Lev Radin

World News


Tragedy’s Calendar: The Dwindling Admiration for American Hegemony

My two-decade tradition of celebrating the festive season remained unshaken, as I observed Christmas and New Year’s in Zagreb, Croatia. The immediate conversation here isn’t centered on the impending elections but on the seismic shifts in the recent Serbian elections, where the right-wing’s stronghold on governance was markedly magnified. The echoes of the harrowing independence wars that followed the disintegration of Yugoslavia, and the bitter conflict with Serbia, still resonate loudly.

Amidst this historical backdrop, there’s a pervading sense of international abandonment; despite Croatia’s inclusion in the European Union and NATO, an unsettling ignorance prevails on Capitol Hill regarding its geopolitical position. In the global tapestry of international relations, feeling inconsequential is a profound letdown.

This sense of geopolitical neglect extends its reach. On Capitol Hill, there seems to be a dwindling commitment to Ukraine, coupled with a lack of a balanced strategy for Gaza. The ineptitude with which U.S. diplomacy and policy have been handled in these regions is nothing short of astonishing.

Global trepidation intensifies with the looming possibility of Donald Trump’s political resurgence, and with it, the anticipated reinforcement of his authoritarian proclivities. There’s a growing sense of foreboding about the trajectory of U.S. foreign policy and its implications under a potential Trump administration for allies and adversaries alike.

Of course, it’s unrealistic to expect even a superpower like the United States to be intricately attuned to the details of smaller nations’ politics. However, the international arena is vast and encompasses more than the formidable rivalry between the United States and China. President Xi Jinping of China seems quite content with America’s lack of insight into Chinese affairs, which he believes affords his country a strategic unpredictability.

Conversely, an America under an empowered and even less predictable Trump may similarly lack predictability. With two superpowers at odds, misunderstanding each other, the rest of the world, including nations such as Ukraine, Taiwan, or Croatia, feels the brunt of being sidelined.

Nations of substantial influence, like Turkey, Saudi Arabia, Indonesia, and Iran, are keen to establish their dominions of influence. They are eager to negotiate a degree of respect and freedom of maneuver from the dominant global forces of the United States, China, and Russia.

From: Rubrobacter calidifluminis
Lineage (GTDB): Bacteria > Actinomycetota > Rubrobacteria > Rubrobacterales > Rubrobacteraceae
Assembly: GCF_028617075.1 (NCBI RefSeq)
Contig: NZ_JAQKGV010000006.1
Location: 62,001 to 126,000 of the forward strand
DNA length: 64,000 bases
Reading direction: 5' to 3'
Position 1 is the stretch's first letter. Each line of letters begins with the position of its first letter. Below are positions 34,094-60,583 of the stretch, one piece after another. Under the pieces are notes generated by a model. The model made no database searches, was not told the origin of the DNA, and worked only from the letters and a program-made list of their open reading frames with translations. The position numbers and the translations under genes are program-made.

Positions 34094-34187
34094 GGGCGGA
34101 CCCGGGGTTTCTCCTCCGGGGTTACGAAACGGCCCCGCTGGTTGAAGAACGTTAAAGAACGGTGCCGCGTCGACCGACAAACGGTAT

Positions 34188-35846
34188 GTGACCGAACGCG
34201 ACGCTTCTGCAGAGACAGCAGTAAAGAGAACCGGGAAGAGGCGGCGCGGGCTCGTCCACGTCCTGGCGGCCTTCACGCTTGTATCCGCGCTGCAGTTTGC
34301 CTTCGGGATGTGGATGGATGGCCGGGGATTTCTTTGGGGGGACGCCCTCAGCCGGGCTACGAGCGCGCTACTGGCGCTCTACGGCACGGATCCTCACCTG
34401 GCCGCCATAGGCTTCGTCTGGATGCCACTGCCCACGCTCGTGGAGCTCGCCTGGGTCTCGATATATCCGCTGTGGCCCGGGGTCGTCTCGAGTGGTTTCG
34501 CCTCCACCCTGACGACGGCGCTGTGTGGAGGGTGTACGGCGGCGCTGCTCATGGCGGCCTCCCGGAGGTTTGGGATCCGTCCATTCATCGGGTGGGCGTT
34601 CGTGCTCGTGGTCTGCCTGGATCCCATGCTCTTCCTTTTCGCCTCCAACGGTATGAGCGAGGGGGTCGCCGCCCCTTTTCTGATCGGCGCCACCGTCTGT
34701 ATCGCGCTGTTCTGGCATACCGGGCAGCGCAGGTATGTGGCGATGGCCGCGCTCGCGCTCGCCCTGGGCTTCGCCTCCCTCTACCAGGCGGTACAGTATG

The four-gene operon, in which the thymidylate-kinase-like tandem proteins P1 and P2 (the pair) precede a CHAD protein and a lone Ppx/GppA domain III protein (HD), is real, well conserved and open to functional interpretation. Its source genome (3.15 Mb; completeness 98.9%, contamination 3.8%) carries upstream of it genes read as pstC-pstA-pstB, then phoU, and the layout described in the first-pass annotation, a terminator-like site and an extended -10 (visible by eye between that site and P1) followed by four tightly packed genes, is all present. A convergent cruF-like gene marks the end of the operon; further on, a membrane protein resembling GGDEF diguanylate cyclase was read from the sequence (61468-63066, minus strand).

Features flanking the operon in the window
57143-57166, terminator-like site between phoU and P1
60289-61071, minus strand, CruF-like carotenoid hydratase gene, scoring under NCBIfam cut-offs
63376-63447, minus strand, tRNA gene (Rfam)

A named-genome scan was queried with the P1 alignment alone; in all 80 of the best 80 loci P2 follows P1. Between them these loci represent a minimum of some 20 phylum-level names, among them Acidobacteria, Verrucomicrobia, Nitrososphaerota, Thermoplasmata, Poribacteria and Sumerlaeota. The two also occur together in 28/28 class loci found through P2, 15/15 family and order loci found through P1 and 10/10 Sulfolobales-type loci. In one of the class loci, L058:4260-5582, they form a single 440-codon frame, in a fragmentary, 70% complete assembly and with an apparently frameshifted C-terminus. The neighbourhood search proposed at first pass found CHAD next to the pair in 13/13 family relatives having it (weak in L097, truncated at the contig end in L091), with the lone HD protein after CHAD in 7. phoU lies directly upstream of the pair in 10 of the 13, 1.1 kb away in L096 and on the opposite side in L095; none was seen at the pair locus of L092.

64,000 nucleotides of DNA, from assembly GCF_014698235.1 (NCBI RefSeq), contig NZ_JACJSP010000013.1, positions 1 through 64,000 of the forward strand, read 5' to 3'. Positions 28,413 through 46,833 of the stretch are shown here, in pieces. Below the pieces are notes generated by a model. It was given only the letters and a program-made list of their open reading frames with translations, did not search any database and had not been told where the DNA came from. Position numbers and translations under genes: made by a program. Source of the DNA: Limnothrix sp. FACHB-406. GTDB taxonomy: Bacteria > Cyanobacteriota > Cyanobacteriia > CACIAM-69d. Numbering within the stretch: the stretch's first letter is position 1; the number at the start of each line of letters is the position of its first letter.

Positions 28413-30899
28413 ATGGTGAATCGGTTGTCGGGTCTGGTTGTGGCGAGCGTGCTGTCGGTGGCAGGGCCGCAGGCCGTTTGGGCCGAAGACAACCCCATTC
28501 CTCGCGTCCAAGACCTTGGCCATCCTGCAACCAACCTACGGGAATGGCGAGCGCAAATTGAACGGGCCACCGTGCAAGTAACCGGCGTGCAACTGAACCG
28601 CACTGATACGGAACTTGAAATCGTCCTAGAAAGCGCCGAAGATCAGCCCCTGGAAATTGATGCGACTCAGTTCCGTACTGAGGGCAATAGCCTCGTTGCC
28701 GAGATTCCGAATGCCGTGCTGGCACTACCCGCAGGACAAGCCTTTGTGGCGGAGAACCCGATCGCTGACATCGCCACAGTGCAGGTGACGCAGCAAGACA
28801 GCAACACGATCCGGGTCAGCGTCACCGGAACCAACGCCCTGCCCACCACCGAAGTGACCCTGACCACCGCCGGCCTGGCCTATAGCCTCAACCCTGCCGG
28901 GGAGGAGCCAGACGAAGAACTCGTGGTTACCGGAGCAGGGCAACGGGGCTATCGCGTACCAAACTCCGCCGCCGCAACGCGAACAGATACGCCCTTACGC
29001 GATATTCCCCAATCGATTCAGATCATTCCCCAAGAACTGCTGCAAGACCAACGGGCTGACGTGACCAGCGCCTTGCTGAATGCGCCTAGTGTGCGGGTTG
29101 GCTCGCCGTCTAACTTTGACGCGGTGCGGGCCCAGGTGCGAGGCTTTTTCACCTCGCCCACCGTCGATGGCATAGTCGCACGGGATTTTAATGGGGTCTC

The question of whether this makes the world more treacherous is up for debate. Some might argue that a world rife with tactical plays is preferable to one where countries are drawn into the overwhelming orbits of one or two superpowers with scant room for independent strategy.

The prospects for Ukraine are particularly bleak. It is likely to cede its southern regions, succumb to endemic corruption, and harbor resentment against the United States for what will be perceived as abandonment. The nation had been buoyed by American military aid, under the belief that it would persist until the final Russian soldier retreated. However, the MAGA contingent within the Republican Party has since undermined this support.

As for Palestine, and Gaza in particular, the history of Israeli incursions is marked by a cycle of vengeance, devastation, and chaos. The disproportionate nature of the response—where retribution has escalated to an unimaginable scale—foretells an interminable cycle of violence, each more blood-soaked than the last. In this scenario, the failure of the United States to limit Benjamin Netanyahu’s vengeful pursuits has enabled the death of over 20,000 Palestinians, the majority being women and children. Yet, history marches on, laden with contradictions and what some might call ironies—although, for those on its path, it is a journey paved with lives lost and memories that haunt.

Into the first quarter of the 21st century, the understanding or the desire to understand by U.S. leadership is conspicuously absent. And the respect once held for American leadership now hangs by a thread.